- Recognize and acknowledge your basic behavioral response when you get hurt.
God wired our brains to act quickly when we feel threatened. Two small almond-shaped
cluster of neurons (brain cells) called the amygdala lie deep in the brain. When we feel anger or threat (i.e., someone hurts us), they enable us to respond quickly. Although they are quick to respond, they don’t differentiate very well between a real tiger in the woods (real danger when we need to run to keep from getting eaten) and a paper tiger (someone in your church who said something hurtful to you).
Here are the four basic responses to hurt. When we become aware of the one that is our predominant reaction, we can then become more proactive to not let it get out of hand.
- Fight: we react, become defensive, yell, scream, refuse to yield
- Flee: we physically or emotionally cut ourselves off from others, become passive aggressive, quit talking, shut down
- Freeze: we don’t take any position, we stay neutral and don’t do anything when we should do something
- Appease: we people please, try to keep the peace at any price, compromise convictions, enable the person to continue in his or her hurtful behavior
- Act as if
Jesus said in Luke 6.27 that we must love our enemies. The word for love is the word agape, a love that is not based on the merits of the other person. This love is not something that happens to you (i.e., like someone who ‘falls’ in love). Rather agape love is a choice of our will superintended by the Holy Spirit that allows us to love the offender even when we don’t feel like it. It is an ‘act as if’ kind of love.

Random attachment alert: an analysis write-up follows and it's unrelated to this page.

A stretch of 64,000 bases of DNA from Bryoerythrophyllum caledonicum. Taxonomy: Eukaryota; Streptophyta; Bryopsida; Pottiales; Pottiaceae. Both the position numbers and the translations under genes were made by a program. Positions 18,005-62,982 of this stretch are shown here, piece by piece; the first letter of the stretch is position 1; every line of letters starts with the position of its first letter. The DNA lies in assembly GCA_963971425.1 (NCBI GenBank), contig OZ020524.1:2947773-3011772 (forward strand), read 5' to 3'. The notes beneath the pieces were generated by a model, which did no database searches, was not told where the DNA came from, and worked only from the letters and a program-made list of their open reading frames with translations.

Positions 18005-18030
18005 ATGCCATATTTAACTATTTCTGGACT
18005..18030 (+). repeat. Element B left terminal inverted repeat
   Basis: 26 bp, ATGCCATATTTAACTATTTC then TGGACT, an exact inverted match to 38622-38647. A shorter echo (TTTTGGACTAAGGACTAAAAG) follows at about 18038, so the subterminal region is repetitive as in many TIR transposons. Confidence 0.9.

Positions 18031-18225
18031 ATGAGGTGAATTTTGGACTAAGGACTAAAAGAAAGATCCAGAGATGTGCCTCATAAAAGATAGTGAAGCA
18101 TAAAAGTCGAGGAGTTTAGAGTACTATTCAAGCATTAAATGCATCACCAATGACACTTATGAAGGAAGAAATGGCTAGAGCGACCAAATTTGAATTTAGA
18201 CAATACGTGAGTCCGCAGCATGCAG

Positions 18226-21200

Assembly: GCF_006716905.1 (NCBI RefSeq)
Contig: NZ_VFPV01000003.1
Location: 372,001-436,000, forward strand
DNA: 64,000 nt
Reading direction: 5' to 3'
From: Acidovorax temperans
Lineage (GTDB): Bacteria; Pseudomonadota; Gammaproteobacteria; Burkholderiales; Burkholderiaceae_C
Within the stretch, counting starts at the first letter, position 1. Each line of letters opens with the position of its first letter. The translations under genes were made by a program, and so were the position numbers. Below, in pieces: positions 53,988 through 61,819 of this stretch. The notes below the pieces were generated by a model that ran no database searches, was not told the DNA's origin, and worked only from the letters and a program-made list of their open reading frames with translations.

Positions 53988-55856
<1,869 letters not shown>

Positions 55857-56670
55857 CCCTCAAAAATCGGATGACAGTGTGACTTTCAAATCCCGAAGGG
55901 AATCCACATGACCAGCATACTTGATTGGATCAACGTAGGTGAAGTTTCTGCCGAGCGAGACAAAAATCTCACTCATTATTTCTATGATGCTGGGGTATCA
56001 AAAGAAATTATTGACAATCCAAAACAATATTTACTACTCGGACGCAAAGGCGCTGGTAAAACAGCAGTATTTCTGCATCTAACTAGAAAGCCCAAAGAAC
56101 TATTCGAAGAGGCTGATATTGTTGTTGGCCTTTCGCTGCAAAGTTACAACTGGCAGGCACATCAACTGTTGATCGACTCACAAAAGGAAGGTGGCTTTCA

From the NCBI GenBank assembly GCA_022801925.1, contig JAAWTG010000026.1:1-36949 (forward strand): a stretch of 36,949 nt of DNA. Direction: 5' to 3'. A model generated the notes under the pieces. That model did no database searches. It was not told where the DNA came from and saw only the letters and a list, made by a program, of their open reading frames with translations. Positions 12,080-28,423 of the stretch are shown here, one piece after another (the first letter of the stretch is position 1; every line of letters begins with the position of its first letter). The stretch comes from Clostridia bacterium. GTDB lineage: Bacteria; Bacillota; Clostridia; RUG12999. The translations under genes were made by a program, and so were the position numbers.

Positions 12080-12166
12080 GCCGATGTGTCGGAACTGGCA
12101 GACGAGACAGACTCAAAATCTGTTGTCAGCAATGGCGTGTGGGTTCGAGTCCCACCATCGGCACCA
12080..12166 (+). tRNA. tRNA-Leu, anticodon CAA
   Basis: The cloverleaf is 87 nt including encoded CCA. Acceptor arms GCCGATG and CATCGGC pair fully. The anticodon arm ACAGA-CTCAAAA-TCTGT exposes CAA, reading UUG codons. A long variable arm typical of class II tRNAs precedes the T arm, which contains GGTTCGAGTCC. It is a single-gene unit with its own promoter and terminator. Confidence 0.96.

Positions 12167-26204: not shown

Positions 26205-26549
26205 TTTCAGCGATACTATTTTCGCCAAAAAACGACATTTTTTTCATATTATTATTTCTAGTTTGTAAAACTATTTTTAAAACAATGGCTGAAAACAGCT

- Guard your tongue
When someone hurts us it’s easy to lose control over what we say in return. Jesus says in Luke 6.28 that we must bless those who curse us. To bless is the opposite of cursing. It is using our words in a God honoring way rather than in a vindictive or a ‘tit-for-tat’ way.
- Wish the best for your offender.
Again in Luke 6 Jesus makes some astounding statements about how we should treat those who have hurt us: turn the other cheek, bless them, pray for them. When Jesus makes these statements he’s not prohibiting self-defense. Neither does He imply that we should pray that our offender would continue in his or her hurtful ways or that they should necessarily get their way. Rather, He’s saying that as we pray we pray for God’s best for that person. Often their greatest need is for true repentance so that they can experience God’s forgiveness. John Piper aptly explains what it means to pray for and wish the best for our offenders by saying,
“Prayer for your enemies is one of the deepest forms of love, because it means that you have to really want that something good happen to them. You might do nice things for your enemy without any genuine desire that things go well with them. But prayer for them is in the presence of God who knows your heart, and prayer is interceding with God on their behalf. It may be for their conversion. It may be for their repentance. It may be that they would be awakened to the enmity in their hearts. It may be that they will be stopped in their downward spiral of sin, even if it takes disease or calamity to do it. But the prayer Jesus has in mind here is always for their good.”
- Lean into Jesus
Jesus commands in Luke 6 may seem like nonsense statements. If you’ve been deeply hurt, these first four choices are impossible on willpower alone. It takes supernatural strength to respond in a godly way to those who hurt us deeply. When we lean into Jesus and respond appropriately to such hurt, we act most like God. When we lean into Him, the Holy Spirit will give us the strength we need to not yield to our default responses. Rather, He will give us the wisdom, stamina, and strength to respond to our offender in a God honoring way.
Charles Stone reprinted with permission